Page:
·         The Government allocated £4,777,613 in early intervention funding to Southend-on-Sea Council this year, that’s a reduction of £5,428,865 per year compared to 2010. This massive reduction means local authorities are less able to address the problems experienced by children and families at an early stage. Children suffer harm that could have been prevented and the state is faced with greater costs as they are forced to deal with more entrenched, serious and expensive problems at a later date.

·         44.71% Decrease in early intervention grant to Southend-on-Sea council between 2010–11 and 2015–16

·         In the South East, 660 unaccompanied asylum seeking children were in the care of local authorities. These are children fleeing persecution, war and abuse from across the globe. There are also many other children in the region with an irregular immigration status which can cut them from support and leave them with an unsecure future.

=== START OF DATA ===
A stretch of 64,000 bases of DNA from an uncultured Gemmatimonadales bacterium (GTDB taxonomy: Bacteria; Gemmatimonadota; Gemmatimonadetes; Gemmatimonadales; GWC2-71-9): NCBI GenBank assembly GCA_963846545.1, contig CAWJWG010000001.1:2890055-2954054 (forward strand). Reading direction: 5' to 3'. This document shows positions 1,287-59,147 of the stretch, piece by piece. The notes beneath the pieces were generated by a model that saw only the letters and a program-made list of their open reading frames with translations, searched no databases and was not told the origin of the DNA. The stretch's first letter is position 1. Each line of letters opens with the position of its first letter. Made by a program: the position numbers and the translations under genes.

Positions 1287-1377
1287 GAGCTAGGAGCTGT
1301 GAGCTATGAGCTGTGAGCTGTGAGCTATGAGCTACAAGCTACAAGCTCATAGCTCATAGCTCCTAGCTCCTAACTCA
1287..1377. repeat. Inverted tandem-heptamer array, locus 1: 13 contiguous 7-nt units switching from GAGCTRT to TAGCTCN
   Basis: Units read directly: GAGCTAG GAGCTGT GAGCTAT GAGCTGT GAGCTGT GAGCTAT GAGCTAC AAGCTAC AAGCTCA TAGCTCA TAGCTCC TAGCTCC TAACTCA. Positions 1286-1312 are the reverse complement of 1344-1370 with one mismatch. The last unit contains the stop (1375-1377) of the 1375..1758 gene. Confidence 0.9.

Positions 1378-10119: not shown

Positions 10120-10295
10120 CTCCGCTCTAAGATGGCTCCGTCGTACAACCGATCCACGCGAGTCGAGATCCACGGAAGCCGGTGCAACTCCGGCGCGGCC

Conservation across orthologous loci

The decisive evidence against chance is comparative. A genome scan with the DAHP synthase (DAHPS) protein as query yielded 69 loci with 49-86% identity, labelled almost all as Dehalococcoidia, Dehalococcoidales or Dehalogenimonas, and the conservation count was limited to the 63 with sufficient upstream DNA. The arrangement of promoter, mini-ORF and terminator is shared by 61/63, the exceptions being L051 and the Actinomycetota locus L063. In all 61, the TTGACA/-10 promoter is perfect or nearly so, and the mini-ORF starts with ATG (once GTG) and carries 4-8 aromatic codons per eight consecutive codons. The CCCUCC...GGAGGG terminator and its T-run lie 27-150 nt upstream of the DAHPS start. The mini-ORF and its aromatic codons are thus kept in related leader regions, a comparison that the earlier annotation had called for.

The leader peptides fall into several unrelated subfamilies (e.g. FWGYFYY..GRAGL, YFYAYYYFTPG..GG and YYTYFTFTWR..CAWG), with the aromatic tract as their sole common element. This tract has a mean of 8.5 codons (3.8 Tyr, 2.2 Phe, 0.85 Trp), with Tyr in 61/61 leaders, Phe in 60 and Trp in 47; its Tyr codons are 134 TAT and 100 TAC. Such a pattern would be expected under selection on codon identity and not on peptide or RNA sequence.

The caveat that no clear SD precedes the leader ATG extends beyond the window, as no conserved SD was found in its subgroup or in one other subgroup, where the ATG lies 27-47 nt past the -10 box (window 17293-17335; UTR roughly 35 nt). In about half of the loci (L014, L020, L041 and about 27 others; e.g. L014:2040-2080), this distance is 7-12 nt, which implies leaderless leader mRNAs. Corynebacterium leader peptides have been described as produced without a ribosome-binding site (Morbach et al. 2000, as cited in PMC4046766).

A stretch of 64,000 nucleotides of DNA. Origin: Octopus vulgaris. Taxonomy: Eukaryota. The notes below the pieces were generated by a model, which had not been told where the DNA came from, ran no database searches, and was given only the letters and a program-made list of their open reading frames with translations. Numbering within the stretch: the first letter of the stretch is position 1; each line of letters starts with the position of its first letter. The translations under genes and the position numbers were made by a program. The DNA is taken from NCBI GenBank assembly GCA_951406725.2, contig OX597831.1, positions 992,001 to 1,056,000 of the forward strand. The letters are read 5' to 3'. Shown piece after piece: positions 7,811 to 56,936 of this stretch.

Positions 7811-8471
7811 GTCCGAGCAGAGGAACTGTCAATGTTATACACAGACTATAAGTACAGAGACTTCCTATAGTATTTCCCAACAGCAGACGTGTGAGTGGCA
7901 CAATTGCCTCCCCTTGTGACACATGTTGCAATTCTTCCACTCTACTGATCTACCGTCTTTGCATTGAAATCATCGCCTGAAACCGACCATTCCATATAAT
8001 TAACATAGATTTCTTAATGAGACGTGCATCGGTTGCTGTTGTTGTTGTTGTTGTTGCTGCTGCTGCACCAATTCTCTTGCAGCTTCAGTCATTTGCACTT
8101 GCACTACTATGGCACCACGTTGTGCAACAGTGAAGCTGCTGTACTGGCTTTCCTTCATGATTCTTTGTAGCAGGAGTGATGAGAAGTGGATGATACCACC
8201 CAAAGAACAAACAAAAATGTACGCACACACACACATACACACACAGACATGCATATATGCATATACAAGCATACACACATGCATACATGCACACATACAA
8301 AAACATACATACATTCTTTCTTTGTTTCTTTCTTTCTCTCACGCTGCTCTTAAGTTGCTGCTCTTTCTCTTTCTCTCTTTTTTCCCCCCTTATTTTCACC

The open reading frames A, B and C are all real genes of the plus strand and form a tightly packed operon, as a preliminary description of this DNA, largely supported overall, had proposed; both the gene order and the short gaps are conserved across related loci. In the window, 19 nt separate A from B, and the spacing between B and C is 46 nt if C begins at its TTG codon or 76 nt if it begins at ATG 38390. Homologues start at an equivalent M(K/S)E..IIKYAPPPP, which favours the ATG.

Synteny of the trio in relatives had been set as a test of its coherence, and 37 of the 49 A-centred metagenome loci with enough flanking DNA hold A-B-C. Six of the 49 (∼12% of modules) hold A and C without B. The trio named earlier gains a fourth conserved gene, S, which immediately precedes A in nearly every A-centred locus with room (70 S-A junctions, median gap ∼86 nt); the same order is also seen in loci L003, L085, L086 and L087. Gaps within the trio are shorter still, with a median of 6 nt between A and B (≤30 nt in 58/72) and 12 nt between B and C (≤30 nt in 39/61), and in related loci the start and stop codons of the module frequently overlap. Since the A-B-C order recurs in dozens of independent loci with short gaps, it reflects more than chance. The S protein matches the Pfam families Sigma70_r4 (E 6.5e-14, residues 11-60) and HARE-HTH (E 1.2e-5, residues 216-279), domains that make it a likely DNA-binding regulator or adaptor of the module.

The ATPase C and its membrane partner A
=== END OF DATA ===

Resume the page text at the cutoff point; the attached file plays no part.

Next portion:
·         It is unacceptable that any child is living in poverty in the UK, let alone almost 3.7 million children. Poverty has a devastating effect on children, harming their immediate well-being and drastically reducing opportunities throughout their lives. There are 10,662 children living in poverty in Southend-on-Sea.

·         Our Debt Trap research also identified that in 2014–15 there were 3,850 children living in families in council tax debt in Southend-on-Sea. There are 1.6 million children living in families who have faced council tax debt, with 2 in 10 families visited by bailiffs to reclaim council tax. This equates to thousands of children experiencing fear, intimidation and worry at the hands of bailiffs.

·         Our report Show Some Warmth7 found that there are around 6,338 children in Southend-on-Sea living in energy debt. Children in families in energy debt are three times more likely to have damp or mould in their homes and to have been ill last winter, and are twice as likely to have breathing problems.